Pillar VI: Deliver Peace Through Strength and American Leadership

Maintain the World’s Most Powerful Military Force

A strong military is foundational to protecting Americans and preserving our Nation’s standing and strength. It ensures the American people are safe and that the U.S. can keep its adversaries at bay. As other nations develop new capabilities and technological capabilities advance, it is more important than ever to have the world’s best trained and most well-equipped military.

Maintaining a strong military is not exclusively about having a large top-line budget. It also requires our military to maintain a relentless focus on its core mission of deterrence and, if deterrence fails, fighting to win America’s wars. In addition, our military needs strong recruitment programs, and our government must ensure that defense acquisition efforts meet our current and future evolving needs. By achieving these objectives, we will ensure that the U.S. military has the right capabilities to protect America’s interests and keep Americans safe and free.

Today, the military is distracted from this core mission. The Biden Administration has imposed “woke” policies that have diverted focus from top threats while dividing and deterring America’s service members. One high-profile effort by the current administration is focused on rooting out extremism from the military’s ranks, which is an action driven more by politics rather than by military priorities. Some military academies have begun to focus their instruction on Critical Race Theory. Its leaders focus on historical revisionism instead of on the history of war. Eliminating divisive policies, which deter some of those seeking to enlist, will likely go a long way in repairing the military’s recruitment challenges.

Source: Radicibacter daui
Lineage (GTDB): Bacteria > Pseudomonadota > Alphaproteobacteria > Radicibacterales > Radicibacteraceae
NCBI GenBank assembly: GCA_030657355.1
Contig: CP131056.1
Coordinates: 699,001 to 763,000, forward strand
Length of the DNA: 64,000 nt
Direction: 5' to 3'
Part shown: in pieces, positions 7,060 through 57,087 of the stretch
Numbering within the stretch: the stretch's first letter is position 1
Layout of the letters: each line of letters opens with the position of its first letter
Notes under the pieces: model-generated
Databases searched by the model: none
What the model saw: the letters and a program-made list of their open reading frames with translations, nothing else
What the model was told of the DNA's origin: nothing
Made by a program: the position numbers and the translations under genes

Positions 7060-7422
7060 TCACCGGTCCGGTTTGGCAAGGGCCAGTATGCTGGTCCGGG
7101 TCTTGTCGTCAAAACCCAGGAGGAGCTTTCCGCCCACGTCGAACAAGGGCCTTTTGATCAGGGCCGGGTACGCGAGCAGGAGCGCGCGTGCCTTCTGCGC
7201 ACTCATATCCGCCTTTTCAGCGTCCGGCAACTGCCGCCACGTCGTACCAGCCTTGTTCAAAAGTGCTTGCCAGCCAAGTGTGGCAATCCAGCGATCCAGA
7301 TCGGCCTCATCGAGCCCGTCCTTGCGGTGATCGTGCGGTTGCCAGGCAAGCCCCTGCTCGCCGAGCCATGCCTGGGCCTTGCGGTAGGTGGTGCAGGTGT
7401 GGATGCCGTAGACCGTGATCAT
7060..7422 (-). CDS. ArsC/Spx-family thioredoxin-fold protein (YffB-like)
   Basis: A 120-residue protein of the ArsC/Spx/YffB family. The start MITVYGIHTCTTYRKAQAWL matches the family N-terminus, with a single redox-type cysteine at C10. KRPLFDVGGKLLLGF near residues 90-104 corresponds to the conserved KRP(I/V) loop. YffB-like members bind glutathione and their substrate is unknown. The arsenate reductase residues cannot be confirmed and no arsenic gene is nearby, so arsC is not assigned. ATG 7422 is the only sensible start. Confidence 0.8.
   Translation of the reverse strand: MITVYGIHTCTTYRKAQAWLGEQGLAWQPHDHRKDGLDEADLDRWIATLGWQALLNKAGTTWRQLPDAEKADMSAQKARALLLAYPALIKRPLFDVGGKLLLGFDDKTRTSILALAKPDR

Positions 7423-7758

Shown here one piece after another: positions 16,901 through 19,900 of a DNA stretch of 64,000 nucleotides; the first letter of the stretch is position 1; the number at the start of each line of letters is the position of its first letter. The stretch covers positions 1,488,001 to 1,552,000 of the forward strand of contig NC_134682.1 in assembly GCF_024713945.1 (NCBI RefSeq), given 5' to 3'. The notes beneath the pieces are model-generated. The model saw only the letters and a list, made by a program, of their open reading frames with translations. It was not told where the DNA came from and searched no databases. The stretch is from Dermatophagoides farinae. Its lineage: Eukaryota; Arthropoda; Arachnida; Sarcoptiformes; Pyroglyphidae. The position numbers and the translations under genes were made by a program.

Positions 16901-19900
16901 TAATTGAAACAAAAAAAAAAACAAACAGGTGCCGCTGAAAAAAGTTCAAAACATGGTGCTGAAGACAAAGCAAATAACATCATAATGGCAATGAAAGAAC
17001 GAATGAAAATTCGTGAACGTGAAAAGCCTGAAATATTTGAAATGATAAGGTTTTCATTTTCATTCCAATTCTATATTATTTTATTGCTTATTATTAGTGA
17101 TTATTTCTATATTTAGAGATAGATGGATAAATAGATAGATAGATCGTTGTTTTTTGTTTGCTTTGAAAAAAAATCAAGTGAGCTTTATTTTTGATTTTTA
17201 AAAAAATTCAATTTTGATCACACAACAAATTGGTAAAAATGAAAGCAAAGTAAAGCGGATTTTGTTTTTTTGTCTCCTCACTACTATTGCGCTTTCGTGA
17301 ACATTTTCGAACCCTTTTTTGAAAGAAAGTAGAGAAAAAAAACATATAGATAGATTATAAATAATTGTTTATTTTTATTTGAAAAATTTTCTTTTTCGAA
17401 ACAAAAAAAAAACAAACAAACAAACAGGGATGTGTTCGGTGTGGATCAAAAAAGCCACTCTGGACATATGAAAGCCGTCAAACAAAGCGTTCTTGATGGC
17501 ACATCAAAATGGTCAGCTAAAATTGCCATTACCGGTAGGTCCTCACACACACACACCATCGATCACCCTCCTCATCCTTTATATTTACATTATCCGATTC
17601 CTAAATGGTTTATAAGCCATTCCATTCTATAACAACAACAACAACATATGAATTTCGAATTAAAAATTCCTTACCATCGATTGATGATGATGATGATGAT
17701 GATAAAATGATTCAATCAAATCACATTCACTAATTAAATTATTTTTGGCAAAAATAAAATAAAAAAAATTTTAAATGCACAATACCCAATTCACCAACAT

Key to maintaining a strong military is ensuring that America’s defense budget and acquisition practices remain competitive and aligned with America’s strategic priorities. Any tax dollars spent in the name of “defense” that do not directly contribute to this mission are a diversion from it. The challenge of maintaining a responsible and needs-based defense budget is not only one of better congressional oversight. Rather, it is part of a broader and more longstanding component of the Washington ecosystem known as the “military-industrial complex”—a symbiotic relationship between the Department of Defense (DoD) and the country’s top defense companies. On one hand, this relationship has sustained a degree of trust and consistency in regards to the modernization of American military equipment. But, on the other hand, this robust relationship with a handful of companies has created a quasi-monopoly in contracting and in defining the technology DoD might need to fight the Nation’s wars.

An America First approach to defense acquisition is best exemplified by an open and honest competition within the broader marketplace of ideas and beyond the traditional military-industrial complex. Myriad patriotic American start- up companies, including ones run by veterans drawing on their battlefield experience, can share a stage with the known entities in this space to describe how their services meet tomorrow’s threats and add strategic effect to America’s credible deterrence. Through this approach, America’s military can better inform conversations about how to pursue its mission requirements and about the range of American partners, existing and emerging, with whom to do so.